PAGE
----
His hearing wasn’t so good by that time, so while I said “Don’t be stupid,” apparently what he heard was “Okay, I’ll do it,” although I didn’t realise this until much later. He held my hands in front of Mom’s altar and said “Thank you” over and over again… It might’ve been a misunderstanding, but that was the first time he had ever shown me gratitude.
My brother and sister-in-law had only offered incense at the crematorium, and were no longer there. He was a consultant to an electronics manufacturer, and even though he said he had a meeting to attend, I was sure they had left out of fear. I too had debates with the missus about the effects of low-level exposure, almost every night. Eventually we stopped speaking, and came to see each other as “contaminated.” We’d separated by then. And that’s when I finally realised that we were both being completely ridiculous.
I’m sure all of you will agree—I mean, think about it, academics had all these opposing theories and no one was willing to budge. Some people said that anything up to one hundred thousand times the intensity of background radiation is fine, look at astronauts, they’re fine—and then others demanded that we spend trillions of yen on decontamination to scrape off fertile soil with low-level radiation. The Hormesis and Prophylaxis camps, yeah, that’s what they were called. Both sides wanted the other to calm down and talk things through, but like me and the ex, they just couldn’t do it. You could say my divorce was the result of a proxy war, haha.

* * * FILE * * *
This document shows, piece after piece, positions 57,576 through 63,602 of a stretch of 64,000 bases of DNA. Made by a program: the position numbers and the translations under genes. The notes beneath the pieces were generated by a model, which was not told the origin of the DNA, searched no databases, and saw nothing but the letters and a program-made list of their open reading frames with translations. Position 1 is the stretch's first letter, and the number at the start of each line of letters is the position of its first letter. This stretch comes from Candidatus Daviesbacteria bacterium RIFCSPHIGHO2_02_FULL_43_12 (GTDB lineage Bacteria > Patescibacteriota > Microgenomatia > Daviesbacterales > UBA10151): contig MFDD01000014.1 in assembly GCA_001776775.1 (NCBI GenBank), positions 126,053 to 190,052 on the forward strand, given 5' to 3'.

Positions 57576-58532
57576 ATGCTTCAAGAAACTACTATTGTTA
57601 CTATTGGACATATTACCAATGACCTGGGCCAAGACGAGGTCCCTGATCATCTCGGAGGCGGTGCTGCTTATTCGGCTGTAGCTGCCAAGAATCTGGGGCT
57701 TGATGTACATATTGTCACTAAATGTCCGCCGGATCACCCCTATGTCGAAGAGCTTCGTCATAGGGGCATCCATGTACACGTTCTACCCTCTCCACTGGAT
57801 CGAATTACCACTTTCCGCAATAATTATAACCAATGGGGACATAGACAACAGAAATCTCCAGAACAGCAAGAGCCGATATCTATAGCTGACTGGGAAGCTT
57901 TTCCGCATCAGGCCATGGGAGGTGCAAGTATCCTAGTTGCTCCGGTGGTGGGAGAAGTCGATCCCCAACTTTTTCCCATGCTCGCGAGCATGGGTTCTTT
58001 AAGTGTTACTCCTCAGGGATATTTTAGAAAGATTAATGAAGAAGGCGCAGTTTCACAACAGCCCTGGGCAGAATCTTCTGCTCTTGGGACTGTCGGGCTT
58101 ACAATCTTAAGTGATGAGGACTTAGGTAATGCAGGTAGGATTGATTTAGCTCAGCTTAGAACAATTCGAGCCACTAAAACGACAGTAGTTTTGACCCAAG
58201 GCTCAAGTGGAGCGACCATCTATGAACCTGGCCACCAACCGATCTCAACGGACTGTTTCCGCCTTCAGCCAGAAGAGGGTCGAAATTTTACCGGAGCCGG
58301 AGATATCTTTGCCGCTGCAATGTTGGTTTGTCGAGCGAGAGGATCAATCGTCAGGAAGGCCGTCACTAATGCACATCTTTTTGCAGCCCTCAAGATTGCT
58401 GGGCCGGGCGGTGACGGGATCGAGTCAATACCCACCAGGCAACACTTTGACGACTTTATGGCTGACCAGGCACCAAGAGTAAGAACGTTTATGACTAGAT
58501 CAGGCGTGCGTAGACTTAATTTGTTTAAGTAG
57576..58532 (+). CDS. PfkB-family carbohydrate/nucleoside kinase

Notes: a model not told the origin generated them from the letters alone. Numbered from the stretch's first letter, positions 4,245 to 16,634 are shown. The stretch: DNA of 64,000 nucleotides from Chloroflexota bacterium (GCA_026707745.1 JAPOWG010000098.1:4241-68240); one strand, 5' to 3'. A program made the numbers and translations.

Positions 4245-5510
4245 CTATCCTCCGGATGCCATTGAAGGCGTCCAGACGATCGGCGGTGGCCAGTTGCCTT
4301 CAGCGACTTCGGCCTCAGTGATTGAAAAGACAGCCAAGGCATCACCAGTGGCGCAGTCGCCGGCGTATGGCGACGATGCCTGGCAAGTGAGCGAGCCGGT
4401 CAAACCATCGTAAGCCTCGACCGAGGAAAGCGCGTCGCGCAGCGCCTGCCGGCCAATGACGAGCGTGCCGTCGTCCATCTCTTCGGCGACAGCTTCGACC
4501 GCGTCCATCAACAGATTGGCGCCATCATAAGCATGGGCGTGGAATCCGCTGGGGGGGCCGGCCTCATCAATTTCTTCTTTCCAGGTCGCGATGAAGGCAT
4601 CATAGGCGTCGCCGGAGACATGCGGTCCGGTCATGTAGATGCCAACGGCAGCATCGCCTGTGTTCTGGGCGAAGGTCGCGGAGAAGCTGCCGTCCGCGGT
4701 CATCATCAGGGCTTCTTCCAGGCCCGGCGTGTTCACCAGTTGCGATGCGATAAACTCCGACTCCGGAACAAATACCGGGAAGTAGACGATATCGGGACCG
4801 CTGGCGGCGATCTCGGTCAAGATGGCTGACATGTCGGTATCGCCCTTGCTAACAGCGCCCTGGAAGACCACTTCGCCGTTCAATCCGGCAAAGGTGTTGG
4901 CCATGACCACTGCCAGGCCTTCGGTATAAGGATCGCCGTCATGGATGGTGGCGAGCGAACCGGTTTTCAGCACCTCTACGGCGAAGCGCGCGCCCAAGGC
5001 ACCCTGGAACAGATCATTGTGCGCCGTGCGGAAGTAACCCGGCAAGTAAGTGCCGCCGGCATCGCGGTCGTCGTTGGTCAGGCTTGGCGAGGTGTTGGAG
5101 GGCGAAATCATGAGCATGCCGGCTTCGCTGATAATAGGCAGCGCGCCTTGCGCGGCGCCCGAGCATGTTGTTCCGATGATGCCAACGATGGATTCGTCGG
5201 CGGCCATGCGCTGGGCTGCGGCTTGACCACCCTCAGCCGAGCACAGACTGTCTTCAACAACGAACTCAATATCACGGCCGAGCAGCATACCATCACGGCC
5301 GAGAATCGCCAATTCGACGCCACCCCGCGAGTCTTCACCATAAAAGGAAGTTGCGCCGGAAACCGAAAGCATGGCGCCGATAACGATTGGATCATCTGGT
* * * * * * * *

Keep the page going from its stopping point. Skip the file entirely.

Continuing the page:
People—organisations are even worse—go to terrifying lengths to save face. The ICRP, that’s the International Commission on Radiological Protection, they of all people should’ve created spaces for discussion, but showed no intention of doing so. And then public opinion was set on throwing every last baby out with the bathwater: if nuclear reactors were bad, then all radiation was bad too. In short, no one was calm.
But as you know, after the power plant accident, it was the ICRP who recommended raising the radiation exposure limit by twenty to a hundred times of the normal value. After that was rejected, they just stayed silent, same as me and the ex. Even now I have no idea who’s right. But what’s certain is that the radioactive potassium and carbon and whatnot in our bodies emit a fair amount of radiation, with or without the reactors. Somebody weighing sixty kilos would put out, oh, five thousand becquerels or so. Anyway, the Commission never officially changed their stance on low-level exposure after that. And now we have all of you taking part in this Irradiation Tour, coming to see the mountain my old man made. Radon hot springs are popular once more, and Fukushima’s population is even growing rapidly.
What was I… oh, right—that was quite a ramble—I was telling you about Dad’s request.
For the record, it wasn’t cancer. He might’ve said “Cancer wouldn’t be bad,” but in the end he had a prolonged bout of the autumn flu and kicked the bucket, just like that.
I got the news from my cousin, and when I came back Dad was already laid out in the main room, around there. Yes, right there, where the blond man is sitting, haha. I lifted the white cloth, and saw my old man looking solemn for the first time. It was as if he’d taken off the okame mask—I had never seen that face before, honest.